Red Green Labour supporter Chris Barker looks at the contribution of road transport to the climate emergency.
Transport is the only sector which is not, at present, making any contribution to the reduction of emissions. Efficiency gains from vehicle engines, and particularly from electric vehicles, are offset by continuing traffic growth – 55 per cent projected between 2018 and 2050, exacerbated by the popularity of sports utility vehicles (SUVs)1. If we are to get anywhere near the Paris target of keeping global warming to below 1.5°C above pre-industrial levels, this is one of the major areas which needs to be tackled.
It is clear that electric cars, although much better for the environment than internal combustion engines (ICEs), are not the panacea they are made out to be. Electric cars produce no toxic emissions at the point of use but, as with all cars, embedded carbon in the production of the vehicle and its battery produce greenhouse gas emissions. In addition, research by the UK government in 2019 found that ‘emissions from brake wear, tyre wear and road surface wear collectively now exceed those from the exhaust of the UK vehicle fleet’. And electric transmission is green only if the electricity comes from renewable sources.
The proliferation of vehicles on our roads leads to other problems. The greater the level of traffic the less pleasant is our environment and the more dangerous our roads become. Relying on cars for short trips reduces the amount of exercise which people take and is one of the reasons for the increased rate of obesity. More traffic leads to the need for more roads and a larger proportion of our land is tarmacked over.
So there are a number of reasons why a reduction in the number of cars on the road needs to be made. The government needs to play a role in this. Motoring is getting cheaper whilst other modes are becoming more expensive. An immediate way to counteract this is to end the moratorium on fuel tax. Car use appears much cheaper than public transport alternatives at the point of use because the cost of motoring is biased heavily towards ownership rather than use. A road user charge in which drivers are charged by the mile at rates which reflect the level of demand at that hour or location would remedy that. Subsiding public transport fares would also help level up the relative cost.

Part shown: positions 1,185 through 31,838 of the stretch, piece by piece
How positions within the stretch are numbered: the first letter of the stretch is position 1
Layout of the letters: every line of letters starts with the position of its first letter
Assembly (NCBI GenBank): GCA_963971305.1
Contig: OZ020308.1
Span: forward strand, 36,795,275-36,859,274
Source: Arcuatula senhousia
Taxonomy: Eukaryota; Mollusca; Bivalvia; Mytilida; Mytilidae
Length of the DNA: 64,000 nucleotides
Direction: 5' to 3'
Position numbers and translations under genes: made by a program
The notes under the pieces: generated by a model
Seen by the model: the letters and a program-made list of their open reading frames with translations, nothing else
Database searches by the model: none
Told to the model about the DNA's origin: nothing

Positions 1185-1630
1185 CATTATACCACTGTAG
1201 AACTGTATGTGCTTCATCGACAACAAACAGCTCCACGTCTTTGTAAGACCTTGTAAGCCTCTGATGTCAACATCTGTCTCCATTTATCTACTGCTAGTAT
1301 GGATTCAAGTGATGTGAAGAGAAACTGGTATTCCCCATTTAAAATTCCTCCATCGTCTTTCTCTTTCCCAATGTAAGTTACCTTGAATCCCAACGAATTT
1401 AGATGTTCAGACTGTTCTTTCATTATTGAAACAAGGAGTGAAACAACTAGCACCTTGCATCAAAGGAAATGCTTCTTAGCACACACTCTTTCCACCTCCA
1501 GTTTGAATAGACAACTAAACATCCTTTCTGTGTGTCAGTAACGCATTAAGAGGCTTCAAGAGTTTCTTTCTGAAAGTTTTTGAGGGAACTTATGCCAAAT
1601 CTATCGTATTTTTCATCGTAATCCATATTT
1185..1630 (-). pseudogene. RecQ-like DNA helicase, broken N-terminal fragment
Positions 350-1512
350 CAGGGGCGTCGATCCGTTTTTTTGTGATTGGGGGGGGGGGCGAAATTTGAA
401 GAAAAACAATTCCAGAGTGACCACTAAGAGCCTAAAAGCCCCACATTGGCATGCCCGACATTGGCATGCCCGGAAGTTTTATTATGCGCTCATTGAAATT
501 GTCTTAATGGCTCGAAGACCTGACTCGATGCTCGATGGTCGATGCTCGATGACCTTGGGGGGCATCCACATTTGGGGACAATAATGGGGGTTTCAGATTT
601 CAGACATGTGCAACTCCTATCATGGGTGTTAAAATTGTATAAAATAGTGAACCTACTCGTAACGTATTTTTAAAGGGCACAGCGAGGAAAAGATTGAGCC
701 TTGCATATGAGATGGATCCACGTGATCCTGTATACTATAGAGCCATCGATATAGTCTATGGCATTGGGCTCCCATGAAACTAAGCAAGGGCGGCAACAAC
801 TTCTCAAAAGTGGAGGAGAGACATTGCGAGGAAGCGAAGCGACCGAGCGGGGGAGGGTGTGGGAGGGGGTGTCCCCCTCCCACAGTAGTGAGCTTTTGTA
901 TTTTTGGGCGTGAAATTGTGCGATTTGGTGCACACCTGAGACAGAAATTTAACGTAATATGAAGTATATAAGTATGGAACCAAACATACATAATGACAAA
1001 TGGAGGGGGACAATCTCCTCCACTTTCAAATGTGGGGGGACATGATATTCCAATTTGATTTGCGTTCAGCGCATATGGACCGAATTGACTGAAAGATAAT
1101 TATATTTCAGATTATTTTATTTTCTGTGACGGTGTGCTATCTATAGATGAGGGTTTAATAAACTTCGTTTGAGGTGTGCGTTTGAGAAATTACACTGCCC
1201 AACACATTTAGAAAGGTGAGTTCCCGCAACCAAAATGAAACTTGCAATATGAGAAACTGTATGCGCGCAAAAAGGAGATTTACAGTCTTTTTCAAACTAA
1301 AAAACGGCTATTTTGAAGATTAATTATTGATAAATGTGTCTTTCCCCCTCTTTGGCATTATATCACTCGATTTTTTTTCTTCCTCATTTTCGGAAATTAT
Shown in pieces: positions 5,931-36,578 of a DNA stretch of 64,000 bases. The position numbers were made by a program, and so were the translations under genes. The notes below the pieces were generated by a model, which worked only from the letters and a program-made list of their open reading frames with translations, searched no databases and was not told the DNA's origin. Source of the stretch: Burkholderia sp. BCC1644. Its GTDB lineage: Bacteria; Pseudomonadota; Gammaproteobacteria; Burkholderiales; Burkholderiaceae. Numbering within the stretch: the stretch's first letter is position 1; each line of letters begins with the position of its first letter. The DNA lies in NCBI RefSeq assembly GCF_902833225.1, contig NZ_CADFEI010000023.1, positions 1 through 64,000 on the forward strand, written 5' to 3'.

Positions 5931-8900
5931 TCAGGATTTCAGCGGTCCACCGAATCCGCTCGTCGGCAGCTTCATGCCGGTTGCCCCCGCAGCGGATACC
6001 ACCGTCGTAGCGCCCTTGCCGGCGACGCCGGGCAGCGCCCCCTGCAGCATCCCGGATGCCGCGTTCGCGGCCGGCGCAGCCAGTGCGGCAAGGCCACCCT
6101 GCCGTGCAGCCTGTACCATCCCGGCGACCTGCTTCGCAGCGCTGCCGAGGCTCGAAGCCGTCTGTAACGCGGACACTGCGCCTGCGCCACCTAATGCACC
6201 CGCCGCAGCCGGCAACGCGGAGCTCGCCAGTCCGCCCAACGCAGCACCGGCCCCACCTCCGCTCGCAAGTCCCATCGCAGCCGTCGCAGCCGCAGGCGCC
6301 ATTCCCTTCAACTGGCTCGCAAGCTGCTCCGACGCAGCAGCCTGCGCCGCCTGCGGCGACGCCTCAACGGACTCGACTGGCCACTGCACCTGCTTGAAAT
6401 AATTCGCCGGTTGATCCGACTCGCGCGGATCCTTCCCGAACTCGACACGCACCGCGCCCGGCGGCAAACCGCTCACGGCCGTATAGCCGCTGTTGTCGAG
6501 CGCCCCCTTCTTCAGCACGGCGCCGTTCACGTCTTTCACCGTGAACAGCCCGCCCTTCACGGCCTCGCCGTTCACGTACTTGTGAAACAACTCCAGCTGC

In Central London relatively few people travel by car. Reasons include the Congestion Charge, difficulty in finding parking places and the relative frequency and convenience of public transport. This is not, however, mirrored in the rest of the country where most journeys are by car. This needs to change.
Walking and cycling are also alternatives to car use. 10 per cent of car journeys are under a mile and 58 per cent under five miles (para 2.2). To encourage a modal shift of these journeys from car to foot requires making the walking environment more attractive, for example by widening footways, removing kerbside parking and installing more protected road crossing points.
Cycling is rightly perceived by many as too dangerous but these dangers can be reduced. Continuous cycle lanes to keep cyclists away from vehicles and pedestrians should encourage many more people to take to cycling as they do in countries like Holland.
Finally there is scope for reducing the need to travel if towns are planned in a more cohesive manner. The Mayor of Paris, Anne Hidalgo, champions the ‘fifteen minute’ city in which ‘Paris … remodel[s] itself so that residents can have all their needs met—be they for work, shopping, health, or culture—within 15 minutes of their own doorstep’.
None of this is likely to happen if just left to government. Campaigning for a green new deal must include addressing the traffic problem but can also mean taking part in other campaigning groups which address this issue specifically.
There are similar organisations around the country. Let’s all get involved.